How do the building blocks interact?

The four blocks (B1, B2, B3, B4) must work in a "bottom-up" relationship, the first (and most important) step is to obtain the raw material, the wool. The orange lines are the first steps to complete in B1, the green lines are the steps to complete in B2, the yellow lines are the steps to complete in B3 (we must meet the WFEN requirements of social and ecological sustainability, population viability of the species under management).


"Biodiversity conservation and Land management problem"

One of South America’s most vexing and polarizing challenges is how the “best way” to manage public lands established for multiple uses such as natural resource extraction, wildlife, and recreation. In arid Patagonia, more than 95% of the land is privately owned and, for the most part, was converted to sheep farming which led to severe desertification of habitats and the decline of wild species such as guanaco. As livestock husbandry has become less profitable in the last decades, many people are seeking economic alternatives.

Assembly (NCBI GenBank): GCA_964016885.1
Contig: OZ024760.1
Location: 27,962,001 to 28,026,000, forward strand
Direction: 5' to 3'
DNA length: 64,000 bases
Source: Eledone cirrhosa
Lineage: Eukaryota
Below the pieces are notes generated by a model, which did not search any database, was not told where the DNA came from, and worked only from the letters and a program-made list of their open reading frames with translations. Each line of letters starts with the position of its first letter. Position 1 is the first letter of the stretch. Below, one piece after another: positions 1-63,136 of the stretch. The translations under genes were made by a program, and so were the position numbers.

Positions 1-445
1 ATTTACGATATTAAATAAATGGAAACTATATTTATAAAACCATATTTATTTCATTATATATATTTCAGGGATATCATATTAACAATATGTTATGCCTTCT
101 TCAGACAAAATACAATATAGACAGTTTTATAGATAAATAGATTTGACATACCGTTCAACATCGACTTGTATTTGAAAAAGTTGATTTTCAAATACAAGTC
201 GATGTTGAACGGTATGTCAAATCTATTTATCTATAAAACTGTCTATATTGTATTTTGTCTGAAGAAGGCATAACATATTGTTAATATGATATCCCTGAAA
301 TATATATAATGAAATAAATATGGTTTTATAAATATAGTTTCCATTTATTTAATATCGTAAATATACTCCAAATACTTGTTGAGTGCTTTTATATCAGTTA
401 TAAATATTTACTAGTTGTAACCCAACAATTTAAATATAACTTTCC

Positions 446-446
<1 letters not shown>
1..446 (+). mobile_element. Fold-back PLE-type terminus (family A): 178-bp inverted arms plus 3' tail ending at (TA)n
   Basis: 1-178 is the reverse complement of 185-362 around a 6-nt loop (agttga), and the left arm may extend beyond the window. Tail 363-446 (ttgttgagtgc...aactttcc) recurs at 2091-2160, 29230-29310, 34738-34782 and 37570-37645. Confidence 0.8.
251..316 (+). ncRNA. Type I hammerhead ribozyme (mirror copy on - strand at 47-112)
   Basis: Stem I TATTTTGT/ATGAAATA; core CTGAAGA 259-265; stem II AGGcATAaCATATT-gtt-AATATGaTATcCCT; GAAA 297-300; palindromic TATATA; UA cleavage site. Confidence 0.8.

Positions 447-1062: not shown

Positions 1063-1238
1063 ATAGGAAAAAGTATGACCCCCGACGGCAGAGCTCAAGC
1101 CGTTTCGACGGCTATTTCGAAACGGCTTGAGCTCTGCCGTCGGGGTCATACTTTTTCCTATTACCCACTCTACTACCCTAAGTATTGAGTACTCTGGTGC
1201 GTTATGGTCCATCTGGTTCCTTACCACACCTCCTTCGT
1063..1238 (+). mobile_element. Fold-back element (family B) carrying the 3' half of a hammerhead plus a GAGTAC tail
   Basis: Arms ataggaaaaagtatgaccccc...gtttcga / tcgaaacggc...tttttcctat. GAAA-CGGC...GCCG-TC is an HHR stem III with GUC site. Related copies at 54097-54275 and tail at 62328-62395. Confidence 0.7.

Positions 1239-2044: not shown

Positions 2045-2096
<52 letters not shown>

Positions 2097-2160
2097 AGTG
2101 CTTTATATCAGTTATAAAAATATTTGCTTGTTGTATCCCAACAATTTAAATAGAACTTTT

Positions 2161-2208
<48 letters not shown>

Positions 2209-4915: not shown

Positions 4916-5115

"WFA solution impacts on biodiversity conservation and land management" 

A community self-organized in a cooperative ("Payun Matru") of people living around La Payunia reserve has been carrying up live shearing of guanacos to collect their valuable wool. We consider that the use of wild camelids (our wildlife) would have a fundamental role in reducing the process of desertification of arid ecosystems (landscape-protected area solution), providing an economic alternative (added to the high commercial value of the guanaco fiber in the external market) for local producers (social solution) and increasing the profitability of the land. We change Conflict with COEXISTENCE



















Ramiro Ovejero

"The Conflict"

One of South America’s most vexing and polarizing challenges is how the “best way” to manage public lands established for multiple uses such as natural resource extraction, wildlife, and recreation. In arid Patagonia, more than 95% of the land is privately owned and, for the most part, was converted to sheep farming which led to intolerance of guanaco in these areas, combined with illegal hunting, has decimated populations. Migration by guanacos is an endangered ecological phenomenon that persists in only a few populations (i.e in Payunia).